We’ve been a little wine-crazy at Paste lately. Maybe it’s the warmer weather, maybe it’s the longer days, but we’ve been pouring out wine content like Jim Vorel downing 116 saisons. Interested in the often-overlooked salty wines? We’ve got you. Rummaging for rosé? Look no further. But one list we’ve neglected is affordable wines—truly affordable wines, not just the best wines under $25. We’re talking about the best (okay, decent) wines under $7.
Spending $15-$30 on a bottle of wine is not always a realistic (or responsible) purchase for many hard-working, wine-loving people. Whether you’re a broke college student, saving up for something special, or, ahem, a freelancer, your alcohol budget can be a little tight. Luckily, there are a few wines out there that make the grade when it comes to taste and cost. Cheaper wines sometimes taste delicious—without breaking the bank.
We’ve assembled a short list of seven decent wines under $7. We understand the price may vary a little, depending on where you typically buy your wine. However, by and large, these seven wines can be bought nearly everywhere with a ten-dollar bill. We won’t lie—these aren’t the wines to break out for an anniversary or a graduation party. We can only say that these are great wines to casually sip after a long day, without worrying about the bank.
$5.99 at Trader Joe’s
The Contadino Pinot Grigio is your casual friend, the one you meet for brunch at the Flying Biscuit once a month. It’s sweet, but unlike a lot of cheaper whites, it doesn’t go overboard on sugar. A high drinkability combined with a hefty dose of juicy melon makes the Contadino a dangerous friend, too. It is, as our fearless Editor-in-Chief Josh Jackson puts it, “quaffable.” Avoid turning a breezy weeknight glass of wine into a hungover Tuesday morning by adding soda water to make a light and tasty spritzer. Drink while the sun is setting for maximum mood lighting.
$4.50 at Kroger
A derivative of the well-reviewed Bota Box, the Bota Mini is an inexpensive 500 ml sampler. The Cabernet Sauvignon shines above the other Bota Minis by a good mile. Woody, smoky, and with the slightest hint of cherries and earthy mushrooms, this wine practically begs to be enjoyed outdoors. The Bota Mini Cabernet is meant to be consumed sitting around a fire pit, or lounging on a picnic blanket surrounded by good company and a DIY charcuterie board. The wine even got the stamp of approval from our resident beer connoisseur Jim Vorel, who in all his infinite wisdom and word-smithery, commented, “I dig this wine.”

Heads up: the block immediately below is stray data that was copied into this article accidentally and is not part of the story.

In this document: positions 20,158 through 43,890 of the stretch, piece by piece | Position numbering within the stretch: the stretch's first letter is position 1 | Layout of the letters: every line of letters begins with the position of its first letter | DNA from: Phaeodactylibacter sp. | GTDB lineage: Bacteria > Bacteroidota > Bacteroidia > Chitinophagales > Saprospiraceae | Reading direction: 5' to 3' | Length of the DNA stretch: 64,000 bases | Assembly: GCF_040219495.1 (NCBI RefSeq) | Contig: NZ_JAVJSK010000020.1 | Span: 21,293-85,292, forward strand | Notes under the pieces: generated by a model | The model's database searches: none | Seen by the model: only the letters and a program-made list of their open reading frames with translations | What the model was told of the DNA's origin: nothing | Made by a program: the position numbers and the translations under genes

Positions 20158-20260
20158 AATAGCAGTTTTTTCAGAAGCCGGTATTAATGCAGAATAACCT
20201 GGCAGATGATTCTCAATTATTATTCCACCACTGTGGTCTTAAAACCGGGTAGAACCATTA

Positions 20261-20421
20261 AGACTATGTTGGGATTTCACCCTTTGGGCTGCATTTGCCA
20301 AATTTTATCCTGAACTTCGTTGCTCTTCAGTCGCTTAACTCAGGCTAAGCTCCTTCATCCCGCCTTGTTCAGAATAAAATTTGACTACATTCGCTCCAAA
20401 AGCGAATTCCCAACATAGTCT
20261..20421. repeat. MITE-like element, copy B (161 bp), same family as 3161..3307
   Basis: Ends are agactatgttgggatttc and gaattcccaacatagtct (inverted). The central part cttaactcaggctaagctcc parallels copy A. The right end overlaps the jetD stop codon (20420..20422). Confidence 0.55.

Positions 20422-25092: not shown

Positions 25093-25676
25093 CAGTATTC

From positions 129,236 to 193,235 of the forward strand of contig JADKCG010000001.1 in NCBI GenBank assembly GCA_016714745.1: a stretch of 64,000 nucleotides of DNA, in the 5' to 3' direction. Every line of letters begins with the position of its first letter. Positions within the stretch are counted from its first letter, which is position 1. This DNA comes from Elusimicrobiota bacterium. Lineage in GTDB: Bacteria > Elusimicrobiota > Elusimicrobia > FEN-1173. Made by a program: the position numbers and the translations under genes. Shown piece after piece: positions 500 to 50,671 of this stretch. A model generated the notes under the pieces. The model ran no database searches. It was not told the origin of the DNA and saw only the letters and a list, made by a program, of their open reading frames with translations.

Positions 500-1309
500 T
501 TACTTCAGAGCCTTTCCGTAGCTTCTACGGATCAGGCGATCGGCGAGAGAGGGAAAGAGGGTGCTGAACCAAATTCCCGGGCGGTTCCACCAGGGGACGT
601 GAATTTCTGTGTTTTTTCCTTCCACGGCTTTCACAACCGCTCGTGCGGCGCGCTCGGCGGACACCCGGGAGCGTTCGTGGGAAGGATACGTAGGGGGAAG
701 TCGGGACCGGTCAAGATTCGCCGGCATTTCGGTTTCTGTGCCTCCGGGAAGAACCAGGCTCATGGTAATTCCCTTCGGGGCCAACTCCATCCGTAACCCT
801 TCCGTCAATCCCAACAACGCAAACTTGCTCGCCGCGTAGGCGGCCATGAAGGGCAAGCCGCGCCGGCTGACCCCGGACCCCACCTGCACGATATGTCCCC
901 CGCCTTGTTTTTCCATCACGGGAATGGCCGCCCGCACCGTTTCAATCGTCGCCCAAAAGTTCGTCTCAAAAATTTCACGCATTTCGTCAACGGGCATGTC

$5.49 at Trader Joe’s
Wine in a can? Wine not! Is that joke too overdone? Don’t answer that. Like a lot of low shelf Pinot Noirs, this one goes down like water—but in a pleasant way. Light on flavor, slightly sour and mildly acidic, the Underwood Pinot Noir lets you feel fancy on a budget. If you’re not a fan of white wine, but you’re craving something light and bubbly, this is the wine for you. The Underwood Pinot Noir feels at home on a front porch in the summer, surrounded by fairy lights, or tucked inside a purse, covertly waiting to be snuck inside a movie theater. Just one word of caution—though this is technically a red wine, you really, really should chill it. The lightness, the bitterness and the carbonation demand a certain cool temperature. At room temperature, the Underwood Pinot Noir becomes quite “meh.”
$5.99 at Kroger
Unlike the Pinots of the word, it’s tricky to find a Sauvignon Blanc under $7. This is one of them, and it is distinctly Not Bad. Like Covergirl, it is easy, breezy and beautiful. You’ll enjoy easy notes of light citrus paired with the undeniable smell of paint thinner—but don’t worry, you get used to it, and by the second glass, you won’t even notice! Paste’s resident writer-poet-man Jason Rhode commented, “IKEA the drink…gentle Tuscany” and that doesn’t sound so terrible, now does it? The Clos Du Bois is a simple wine, an honest wine. Uncomplicated. And sometimes, that’s exactly what we need.
$2.99 at Trader Joe’s
Old Chuckie. There’s something very endearing about Charles Shaw. A glass of Charles Shaw conjures up a certain… feeling. More than one taster wrote down “first communion” on their comment sheet, which elevates ol’ Chuck to new biblical heights. Others may find notes of blackberry jam reminiscent of their college days (or post-college days, or post-post college days). All Charles Shaw wines are sentimental and charming in their own right. With the Merlot, you get a nice boozy, velvety finish. For only $2.99, it could be much, much worse.
$5.99 at Kroger
For a simple, affordable red blend, this wine is surprisingly complex. This particularly juicy Sideshow contains flavors of strawberry and star fruit, but also packs a spice-filled punch. Cinnamon, nutmeg and brown sugar are all lurking moodily underneath all that fruitiness. Many cheaper wines can taste like straight-up juice, but the aftertaste on this one is pleasantly dry. This is a solid wine to bring to a dinner party, and a nice bottle to pair with steak. It’s not super mainstream either, so your mom never needs to know it only cost $5.99. With the taste of a wine double that price, Sideshow is a steal.
$6.99 at Kroger
By and large, this wine won out as the best wine under $7. Peppery, oaky, and with tantalizing notes of dark chocolate and cherry, Dark Horse reigns supreme in the land of affordable wines. Jason Rhode comments, “It was made by elves in a silken bag full of poems and promises.” In you buy a single wine off this list, make it this one. We’ve been told that this wine usually goes with slightly higher price tag, closer to $8.99. However, we found it for under $7, and we’re hoping you can, too. Smooth and silky, Dark Horse tastes like the early days of a fresh, successful career, or perhaps the first few weeks of a sexy new relationship. We’re into it.
Think we left something off the list? Let us know! We can never have too many affordable wines.